For the year, PepsiCo plans to push up advertising from 5.2 percent of net revenue to 5.7 percent of net revenue. PepsiCo increased media spending in the U.S. by 25 percent in the first quarter, which shows it is committed to its reinvestment initiatives in North America. A slate of major ad campaigns is also in store for the coming months.
"We would be very disappointed if any over-delivery from sales growth, cost deflation or productivity savings was not completely reinvested back into marketing, advertising and R&D," Barclays Capital analyst Michael Branca wrote in a July 17 note. He rates PepsiCo a "buy" with a stock target of $69.6.
"The company is embarking on a demanding fix of its global beverage business, and, though we are gaining confidence that PEP is taking the rights steps, a notable turnaround will take both focused investment and time," Branca added.
"The last thing investors want is another misguided EPS beat head-fake," Branca said. "Instead, investors will be assessing the underlying performance indicators for early signs that PepsiCo is on the path toward revitalizing its North America beverage business and improving the company's long-term prospects."
Profound changes are underway, both due to the aging population and significant pressure from external sources for consumers to change their lifestyles and to get healthier.
Blue-can Pepsi gave up 0.3 percent in market share and 4.8 percent in volume last year, and the carbonated soft drink category has been declining for seven straight years, according to Beverage Digest.
Since joining PepsiCo in 2006, Nooyi has been working to decrease the company's reliance on sugary carbonated beverages and snacks by developing new products and retooling old ones to increase their nutritional quality.
PepsiCo released new products such as its Pepsi Next, which uses a blend of sweeteners to deliver half the calories of a standard Pepsi.
The company has also started selling yogurt in the Northeast and mid-Atlantic states in July through a joint venture with Germany's biggest diary company, Theo Muller Group.
The partnership was announced in March and is seen as Pepsi's first step toward entering the U.S. dairy market.
Yogurt sales in the United States this year will add up to roughly $7 billion, according to the consumer research firm Mintel, an increase of 9 percent over last year, when sales increased by 7.5 percent.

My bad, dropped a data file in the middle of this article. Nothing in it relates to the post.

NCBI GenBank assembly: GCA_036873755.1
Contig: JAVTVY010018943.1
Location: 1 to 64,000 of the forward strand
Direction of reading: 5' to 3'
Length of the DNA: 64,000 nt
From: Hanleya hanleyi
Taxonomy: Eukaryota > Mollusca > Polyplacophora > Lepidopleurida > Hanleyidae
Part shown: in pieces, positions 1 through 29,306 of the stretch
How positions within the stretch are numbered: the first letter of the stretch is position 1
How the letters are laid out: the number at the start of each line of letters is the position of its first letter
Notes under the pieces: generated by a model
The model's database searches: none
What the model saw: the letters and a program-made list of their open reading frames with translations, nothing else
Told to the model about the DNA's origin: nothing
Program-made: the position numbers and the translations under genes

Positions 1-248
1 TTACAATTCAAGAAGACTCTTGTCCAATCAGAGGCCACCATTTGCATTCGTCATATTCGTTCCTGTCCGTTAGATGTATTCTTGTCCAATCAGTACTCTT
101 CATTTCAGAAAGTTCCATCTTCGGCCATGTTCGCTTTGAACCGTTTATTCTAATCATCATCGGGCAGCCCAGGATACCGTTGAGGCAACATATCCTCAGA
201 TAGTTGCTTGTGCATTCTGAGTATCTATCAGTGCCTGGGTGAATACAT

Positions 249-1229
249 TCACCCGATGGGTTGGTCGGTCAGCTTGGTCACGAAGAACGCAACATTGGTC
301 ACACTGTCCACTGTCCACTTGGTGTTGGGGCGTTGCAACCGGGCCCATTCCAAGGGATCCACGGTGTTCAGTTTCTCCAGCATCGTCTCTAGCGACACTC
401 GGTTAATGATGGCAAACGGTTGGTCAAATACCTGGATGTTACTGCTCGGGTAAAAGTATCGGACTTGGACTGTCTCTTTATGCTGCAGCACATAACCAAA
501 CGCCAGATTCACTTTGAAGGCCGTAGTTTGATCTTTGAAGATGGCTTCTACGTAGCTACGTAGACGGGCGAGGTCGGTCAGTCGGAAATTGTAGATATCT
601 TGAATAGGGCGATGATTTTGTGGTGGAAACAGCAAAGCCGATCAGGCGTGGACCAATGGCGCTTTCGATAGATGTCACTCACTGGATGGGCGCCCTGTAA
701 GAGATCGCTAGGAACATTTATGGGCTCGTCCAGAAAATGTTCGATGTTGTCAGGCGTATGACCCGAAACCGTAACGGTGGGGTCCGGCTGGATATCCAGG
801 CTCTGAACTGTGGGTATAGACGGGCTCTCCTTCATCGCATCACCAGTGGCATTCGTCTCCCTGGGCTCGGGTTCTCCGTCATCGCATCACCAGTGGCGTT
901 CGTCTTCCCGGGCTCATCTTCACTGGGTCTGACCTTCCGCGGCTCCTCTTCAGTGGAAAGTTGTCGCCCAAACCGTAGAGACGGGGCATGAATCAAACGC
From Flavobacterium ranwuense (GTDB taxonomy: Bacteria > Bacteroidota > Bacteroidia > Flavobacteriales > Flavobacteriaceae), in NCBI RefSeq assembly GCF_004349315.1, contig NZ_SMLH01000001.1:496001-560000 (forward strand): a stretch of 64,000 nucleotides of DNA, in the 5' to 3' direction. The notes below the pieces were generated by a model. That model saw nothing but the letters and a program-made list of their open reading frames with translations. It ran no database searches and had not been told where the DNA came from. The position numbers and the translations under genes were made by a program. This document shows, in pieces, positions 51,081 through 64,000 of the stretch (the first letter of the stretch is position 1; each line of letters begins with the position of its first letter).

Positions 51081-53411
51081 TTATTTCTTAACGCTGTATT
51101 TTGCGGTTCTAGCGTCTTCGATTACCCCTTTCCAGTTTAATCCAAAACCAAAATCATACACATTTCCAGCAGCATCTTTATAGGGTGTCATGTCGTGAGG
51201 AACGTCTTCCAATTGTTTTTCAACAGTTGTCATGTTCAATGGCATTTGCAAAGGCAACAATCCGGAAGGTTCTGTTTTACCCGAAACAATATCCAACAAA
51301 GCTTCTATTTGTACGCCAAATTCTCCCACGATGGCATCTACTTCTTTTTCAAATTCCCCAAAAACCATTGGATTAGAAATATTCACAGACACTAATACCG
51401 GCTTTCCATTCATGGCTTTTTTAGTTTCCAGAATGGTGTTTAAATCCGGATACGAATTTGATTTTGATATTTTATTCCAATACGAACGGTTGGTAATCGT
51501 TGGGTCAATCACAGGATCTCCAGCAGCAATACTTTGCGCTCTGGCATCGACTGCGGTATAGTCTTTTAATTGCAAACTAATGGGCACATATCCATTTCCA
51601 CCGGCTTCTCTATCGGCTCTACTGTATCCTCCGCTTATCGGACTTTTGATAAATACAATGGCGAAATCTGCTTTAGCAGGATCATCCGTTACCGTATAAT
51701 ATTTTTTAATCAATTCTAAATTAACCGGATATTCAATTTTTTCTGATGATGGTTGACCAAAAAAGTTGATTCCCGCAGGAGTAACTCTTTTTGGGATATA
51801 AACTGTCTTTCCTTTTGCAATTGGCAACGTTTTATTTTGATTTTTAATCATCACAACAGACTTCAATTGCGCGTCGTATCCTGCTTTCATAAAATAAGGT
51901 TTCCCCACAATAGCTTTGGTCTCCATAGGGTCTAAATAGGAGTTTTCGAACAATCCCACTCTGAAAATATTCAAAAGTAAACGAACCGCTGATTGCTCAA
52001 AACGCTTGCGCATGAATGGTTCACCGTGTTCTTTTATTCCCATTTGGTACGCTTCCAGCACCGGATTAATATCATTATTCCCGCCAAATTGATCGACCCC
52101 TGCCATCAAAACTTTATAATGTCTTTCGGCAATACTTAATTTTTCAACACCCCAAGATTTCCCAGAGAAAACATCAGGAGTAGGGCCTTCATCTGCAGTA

PepsiCo is not new to the diary business. The company already sells dairy products outside the U.S.
In September last year, PepsiCo acquired Russia's largest dairy company, Wimm-Bill-Dann. It also has a joint venture with Almarai, Saudi Arabia's largest dairy company, since 2009.
With sales slowing at home, PepsiCo is racing to strengthen its foothold in the emerging markets that will be critical for its long-term growth.
Between 2006 and 2011, emerging and developing market revenue has grown from $8 billion to $22 billion, with the mix increasing from 22 percent of revenues to 34 percent of the revenues over that same time frame.
Speaking at the Consumer Analysts Group of New York's annual conference in February, PepsiCo's CEO Indra Nooyi said, "More than ever, any company's growth is going to be defined to the extent to which they have a presence in developing and emerging markets. And I believe this trend will continue into the future as developed markets growth rates slow down and developing and emerging markets pick up."
Emerging markets revenue growth was particularly strong in the first quarter, up 13 percent on a constant-currency basis, led by strong double-digit organic revenue growth of 21 percent in India, 13 percent in Brazil, 33 percent in Saudi Arabia and 26 percent in Egypt, just to name a few.
PepsiCo has paid consecutive quarterly cash dividends since 1965, and 2012 marks the company's 40th consecutive annual dividend increase.
Since the start of 2002, PepsiCo has returned more than $50 billion to shareholders in the form of dividends and share repurchases. The company expects to return more than $6 billion to shareholders in 2012.
"PepsiCo has started slowly on its plan to repurchase $3 billion of stock in 2012, spending only $142 million in the first quarter. While this quarter's figure will likely be higher, we still expect buyback activity to be skewed toward the second half of 2012," Branca said.
PepsiCo's major competitor, the Coca-Cola Co., reported its second-quarter profit that topped analysts' estimates helped by higher pricing.
Other competitors include Dr. Pepper Snapple Group Inc. (NYSE:DPS) and Monster Beverage Corp. (NASDAQ:MNST).
PepsiCo closed at $69.34, down 0.88 percent, in Monday's trading. Year to date, the stock gained 4.51 percent in value.
"Retail sales data has shown no signs of a turnaround, yet the stock price seems to be reflecting increased optimism. We believe a clearer sign of fundamental turnaround is needed for PepsiCo shares to outperform," Goldman Sachs analyst Judy Hong wrote in a July 11 note to clients.